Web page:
500 signatures reached
To: Governor John Bel Edwards
STOP LOUISIANA GOVERNOR’S WAR ON CHILDREN!
Following news of the Governor’s plan to move youth from Bridge City Youth Correctional Center to Angola State Prison for adults, Gina Womack, the Executive Director of Families and Friends of Louisiana's Incarcerated Children (FFLIC), issued the following statement:
“The Governor's plan to house youth at Angola State Prison is cruel and outrageous. Angola is an adult facility built on former slave quarters that is historically known for horrific violence, abuse, and sexual assaults caused by institutional and systemic violence. To house children at this facility and under the same harsh and violent conditions as adults demonstrates the Governor’s lack of understanding of developmentally-appropriate rehabilitation and commitment to dismantling systems of racism and oppression in Louisiana.
This move signals that Governor John Bel Edwards and the State of Louisiana have little regard for the dignity and care of our incarcerated youth. Our leaders have not done nearly enough to ensure children, especially Black and brown children, entrusted in their care are safe, healthy, and getting the rehabilitative services they need. Instead, the state continues to ignore the needs of young people and their communities and perpetuate a cycle of harm.
We urge you to join our fight for children’s rights by signing this petition demanding that Louisiana Governor John Bel Edwards:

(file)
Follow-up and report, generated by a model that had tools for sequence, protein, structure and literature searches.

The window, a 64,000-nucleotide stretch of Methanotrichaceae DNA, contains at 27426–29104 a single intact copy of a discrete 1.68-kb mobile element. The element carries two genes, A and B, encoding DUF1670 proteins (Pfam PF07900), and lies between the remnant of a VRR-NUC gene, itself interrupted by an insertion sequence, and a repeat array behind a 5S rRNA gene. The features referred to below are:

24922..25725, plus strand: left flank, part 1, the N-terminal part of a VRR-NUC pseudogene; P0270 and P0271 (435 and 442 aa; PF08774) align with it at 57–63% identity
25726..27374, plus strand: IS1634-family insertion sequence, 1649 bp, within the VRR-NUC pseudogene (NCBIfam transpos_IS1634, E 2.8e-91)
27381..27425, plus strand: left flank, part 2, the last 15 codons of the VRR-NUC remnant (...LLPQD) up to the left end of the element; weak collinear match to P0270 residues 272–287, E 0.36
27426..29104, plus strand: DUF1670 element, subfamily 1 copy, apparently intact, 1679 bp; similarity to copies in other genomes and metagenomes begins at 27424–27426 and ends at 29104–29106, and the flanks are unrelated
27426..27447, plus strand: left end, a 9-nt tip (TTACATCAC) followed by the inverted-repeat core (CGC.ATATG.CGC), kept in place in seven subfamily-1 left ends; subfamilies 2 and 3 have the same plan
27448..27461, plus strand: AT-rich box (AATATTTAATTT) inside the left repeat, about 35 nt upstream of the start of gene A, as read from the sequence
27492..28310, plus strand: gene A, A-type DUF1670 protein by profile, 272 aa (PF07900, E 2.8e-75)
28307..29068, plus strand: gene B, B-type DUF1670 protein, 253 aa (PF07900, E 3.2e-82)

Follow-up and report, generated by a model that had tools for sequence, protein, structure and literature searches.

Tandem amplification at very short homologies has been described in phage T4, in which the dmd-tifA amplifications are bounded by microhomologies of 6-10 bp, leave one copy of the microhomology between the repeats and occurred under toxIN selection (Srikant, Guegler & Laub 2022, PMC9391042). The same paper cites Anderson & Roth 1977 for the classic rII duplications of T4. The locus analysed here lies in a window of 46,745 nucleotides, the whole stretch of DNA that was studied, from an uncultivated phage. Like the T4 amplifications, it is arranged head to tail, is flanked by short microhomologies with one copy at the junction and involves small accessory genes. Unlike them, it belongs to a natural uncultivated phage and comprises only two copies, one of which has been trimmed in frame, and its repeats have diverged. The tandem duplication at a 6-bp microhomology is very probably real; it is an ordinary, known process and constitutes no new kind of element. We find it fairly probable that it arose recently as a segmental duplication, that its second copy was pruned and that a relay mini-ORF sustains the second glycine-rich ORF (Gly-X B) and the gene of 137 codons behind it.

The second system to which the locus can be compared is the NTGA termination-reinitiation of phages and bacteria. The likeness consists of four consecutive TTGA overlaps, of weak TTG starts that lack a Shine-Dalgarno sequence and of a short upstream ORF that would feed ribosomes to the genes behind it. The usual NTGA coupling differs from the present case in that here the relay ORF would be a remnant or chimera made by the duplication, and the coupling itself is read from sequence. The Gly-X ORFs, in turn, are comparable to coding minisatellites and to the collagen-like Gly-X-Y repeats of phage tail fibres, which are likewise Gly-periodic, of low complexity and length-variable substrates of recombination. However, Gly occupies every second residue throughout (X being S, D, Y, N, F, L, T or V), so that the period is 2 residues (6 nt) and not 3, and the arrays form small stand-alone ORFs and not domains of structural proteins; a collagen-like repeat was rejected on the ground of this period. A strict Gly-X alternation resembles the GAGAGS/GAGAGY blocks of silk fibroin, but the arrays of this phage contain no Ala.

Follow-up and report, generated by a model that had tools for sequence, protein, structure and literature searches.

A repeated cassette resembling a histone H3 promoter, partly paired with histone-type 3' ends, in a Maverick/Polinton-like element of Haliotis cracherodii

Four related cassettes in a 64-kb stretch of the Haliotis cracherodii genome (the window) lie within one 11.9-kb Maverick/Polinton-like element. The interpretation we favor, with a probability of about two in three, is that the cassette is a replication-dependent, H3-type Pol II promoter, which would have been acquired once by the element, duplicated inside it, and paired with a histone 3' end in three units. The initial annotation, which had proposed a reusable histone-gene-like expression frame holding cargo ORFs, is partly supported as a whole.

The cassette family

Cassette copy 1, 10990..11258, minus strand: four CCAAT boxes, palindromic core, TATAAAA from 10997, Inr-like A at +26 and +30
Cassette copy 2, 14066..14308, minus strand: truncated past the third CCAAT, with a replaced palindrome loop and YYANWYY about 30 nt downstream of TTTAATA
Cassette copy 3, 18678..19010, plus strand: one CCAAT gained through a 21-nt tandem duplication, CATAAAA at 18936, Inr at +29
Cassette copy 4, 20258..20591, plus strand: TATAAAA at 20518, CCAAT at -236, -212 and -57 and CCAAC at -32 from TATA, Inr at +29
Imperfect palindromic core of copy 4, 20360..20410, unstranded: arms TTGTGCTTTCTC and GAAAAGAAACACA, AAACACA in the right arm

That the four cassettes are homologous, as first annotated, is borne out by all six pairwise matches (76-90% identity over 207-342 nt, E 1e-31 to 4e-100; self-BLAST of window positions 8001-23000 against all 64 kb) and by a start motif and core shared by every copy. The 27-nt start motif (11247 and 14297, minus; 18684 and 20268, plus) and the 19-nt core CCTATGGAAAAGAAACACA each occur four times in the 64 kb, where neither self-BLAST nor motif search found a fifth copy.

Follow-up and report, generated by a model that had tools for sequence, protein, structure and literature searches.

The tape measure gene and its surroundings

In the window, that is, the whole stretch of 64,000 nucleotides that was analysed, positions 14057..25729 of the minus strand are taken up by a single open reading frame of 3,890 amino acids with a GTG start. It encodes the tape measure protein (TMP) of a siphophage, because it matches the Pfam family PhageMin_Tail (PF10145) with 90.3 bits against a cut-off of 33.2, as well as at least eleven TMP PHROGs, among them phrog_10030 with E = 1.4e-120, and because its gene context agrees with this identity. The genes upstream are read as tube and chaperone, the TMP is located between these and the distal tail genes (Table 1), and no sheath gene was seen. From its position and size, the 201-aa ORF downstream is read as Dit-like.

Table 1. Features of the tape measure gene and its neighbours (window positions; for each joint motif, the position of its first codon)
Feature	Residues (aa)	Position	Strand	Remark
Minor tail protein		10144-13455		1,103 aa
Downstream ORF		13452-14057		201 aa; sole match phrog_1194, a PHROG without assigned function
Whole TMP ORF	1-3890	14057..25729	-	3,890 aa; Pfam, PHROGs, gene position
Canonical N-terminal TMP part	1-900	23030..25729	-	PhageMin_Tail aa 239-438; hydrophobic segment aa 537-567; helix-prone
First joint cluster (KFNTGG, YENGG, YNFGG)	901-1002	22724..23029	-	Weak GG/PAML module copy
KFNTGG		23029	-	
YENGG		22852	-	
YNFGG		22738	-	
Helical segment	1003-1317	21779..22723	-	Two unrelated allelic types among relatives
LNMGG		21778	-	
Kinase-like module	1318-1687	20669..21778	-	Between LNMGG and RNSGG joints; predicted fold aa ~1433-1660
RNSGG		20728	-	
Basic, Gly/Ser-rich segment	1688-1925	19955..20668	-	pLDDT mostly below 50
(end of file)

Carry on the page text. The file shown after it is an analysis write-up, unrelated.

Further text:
· Immediately halt any plans to send youth to adult prisons, specifically Angola State Prison and Jetson Correctional Center. Housing youth in the same facilities as adult inmates is in violation of children’s human rights and safety.
· Investigate the Office of Juvenile Justice’s failures to keep children safe in their custody.
· Call a special meeting of the Juvenile Justice Reform Act Implementation Commission (JJRAIC) to review alternative options and hear from youth justice experts.
· Place a moratorium on OJJ expenditures for the building or renovation of new, existing, or repurposed facilities and immediately downsize prison populations by initiating the removal of youth, especially those held for non-violent offenses.
· Commit to bringing in national experts provided by the JJRAIC Chair and Vice Chair to help assess our needs and develop an appropriate plan of action.
· Invest in and ensure access to education and holistic rehabilitative services for children rather than increasingly harsh punitive measures that escalate state violence against youth.
· Recommit to the evidence-based models that support youth rehabilitation, education, and wellbeing such as the Missouri Model.
· Commit to banning authorized use of force including pepper spray and tasers.
· Ban the use of solitary confinement for children.
Why is this important?
What is most heartbreaking is that our youth are the ones bearing the burden and the blame of the state’s failures to implement the solution we know works: a holistic model of care that is focused on prevention and rehabilitation. While the state continues to dump money into a failing and abusive system, these youth are enduring inhumane and violent conditions that trigger and aggravate their trauma.
Punitive approaches that expose youth to additional violence and abuse are proven to be ineffective and harmful. Each day that our youth are held in these nightmarish conditions is not only a waste of money, but a step backward in the fight for racial justice, and it does not lead to public safety. To move us in the right direction, the Governor has to recommit to transforming the youth justice system into a coordinated system of prevention, support, and rehabilitation.”
FFLIC believes that all children deserve:
· Developmentally-appropriate interventions and supportive services in their home communities not behind bars.
· The right to a quality education and mental health services.
· The right to learn from youthful mistakes and receive supports that foster their development into healthy and productive adults.
· A holistic continuum of care in their home communities, not cages and bars.